Triceratops has a new relative, many generations removed.
Millions of years before the iconic horned dinosaur roamed the Earth, its smaller cousin, Hualianceratops wucaiwanensis, lived here. And the newly discovered dinosaur could yield clues into the evolution of Triceratops and its kin.
The new species lived some 160 million years ago, positioning it as one of the first in the family of horned dinosaurs, scientists say. Already, Hualianceratops suggests that these dinosaurs were quite diverse early in their lineage.
Researchers describe the new species in a paper published Wednesday in the journal PLOS ONE.
This new dinosaur is the second Triceratops cousin found in a site dated to early in the Late Jurassic Period.
“What this new dinosaur tells us is that there was a lot of diversity in these horned dinosaurs even way back in the late Jurassic,” study co-author Catherine Forster, a paleontologist at George Washington University, tells The Christian Science Monitor in an interview.
These ancient Triceratops cousins could help scientists better understand the lineage that led to the famous, humongous horned dinosaurs.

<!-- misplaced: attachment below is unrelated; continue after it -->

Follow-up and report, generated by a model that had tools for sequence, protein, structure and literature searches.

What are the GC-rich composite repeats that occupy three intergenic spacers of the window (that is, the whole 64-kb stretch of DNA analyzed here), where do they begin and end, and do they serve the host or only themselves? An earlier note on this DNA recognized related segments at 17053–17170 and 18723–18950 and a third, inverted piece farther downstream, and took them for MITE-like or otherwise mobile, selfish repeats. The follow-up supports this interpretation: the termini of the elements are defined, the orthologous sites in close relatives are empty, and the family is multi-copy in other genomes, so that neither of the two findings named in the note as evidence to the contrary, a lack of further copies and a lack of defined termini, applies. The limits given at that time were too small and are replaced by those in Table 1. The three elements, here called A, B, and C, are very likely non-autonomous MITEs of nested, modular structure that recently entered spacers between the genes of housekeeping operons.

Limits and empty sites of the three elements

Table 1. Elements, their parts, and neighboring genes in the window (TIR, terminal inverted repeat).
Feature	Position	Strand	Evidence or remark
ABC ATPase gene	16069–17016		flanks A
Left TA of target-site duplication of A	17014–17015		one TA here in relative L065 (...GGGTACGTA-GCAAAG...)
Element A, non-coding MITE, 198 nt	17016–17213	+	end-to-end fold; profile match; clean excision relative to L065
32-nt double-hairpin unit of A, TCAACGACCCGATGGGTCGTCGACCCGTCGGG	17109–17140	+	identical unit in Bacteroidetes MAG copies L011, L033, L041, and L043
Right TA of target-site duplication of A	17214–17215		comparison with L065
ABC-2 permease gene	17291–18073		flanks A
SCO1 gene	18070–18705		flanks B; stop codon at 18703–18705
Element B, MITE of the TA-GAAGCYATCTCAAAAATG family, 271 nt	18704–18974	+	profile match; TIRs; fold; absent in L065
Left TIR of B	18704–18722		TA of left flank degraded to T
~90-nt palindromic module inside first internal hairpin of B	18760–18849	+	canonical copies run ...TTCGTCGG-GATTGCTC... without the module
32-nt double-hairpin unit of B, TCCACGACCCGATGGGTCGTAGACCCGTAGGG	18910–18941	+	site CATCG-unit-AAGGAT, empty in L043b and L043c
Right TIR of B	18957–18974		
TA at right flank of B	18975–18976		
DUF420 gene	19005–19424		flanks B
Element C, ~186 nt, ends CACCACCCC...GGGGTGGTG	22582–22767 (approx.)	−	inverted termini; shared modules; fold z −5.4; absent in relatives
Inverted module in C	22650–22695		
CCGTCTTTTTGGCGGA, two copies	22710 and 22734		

“These little things are the humble origins of the group, a good 100 million years or so before Triceratops was around. It helps to understand the origin of one of the most familiar dinosaur groups,” University of Edinburgh paleontologist and evolutionary biologist Steve Brusatte, who was not involved in the study, tells the Monitor.
Hualianceratops belongs to the dinosaur family Ceratopsia, colloquially called “horned dinosaurs.” But Hualianceratops didn’t have any horns. The lineage was named for its later members, like the Triceratops, which did.
Ceratopsian dinosaurs lived right up until the end of the age of the dinosaurs some 65 million years ago. Triceratops didn’t appear on the scene until some 68 million years ago, leaving a significant amount of time between the new species and its well-known cousin.
Despite being so much older than Triceratops, “You can’t say this is an ancestor,” Dr. Forster says. “But it is at the base of that family tree.”
In a way Hualianceratops is like a first cousin millions of generations removed from Triceratops.
A case of mistaken identity
Hualianceratops is not the only hornless ceratopsian to be found at the base of the horned dinosaur family tree. And the specimen, pieces of the skull and a foot, was originally mistaken for this close cousin.
“It was initially thought to be a different little horned dinosaur that we found and named a few years ago,” Forster says. That dinosaur, Yinlong downsi, was by far the oldest of the dinosaur family ever to be found, until now.
Both ceratopsian dinosaurs lived around the same time and were likely close cousins, so it’s not a surprise that the Hualianceratops fossils were misclassified.
After being found at the same site as Yinlong in Xinjiang Province, China, the Hualianceratops specimen was already in a museum, labeled as Yinlong.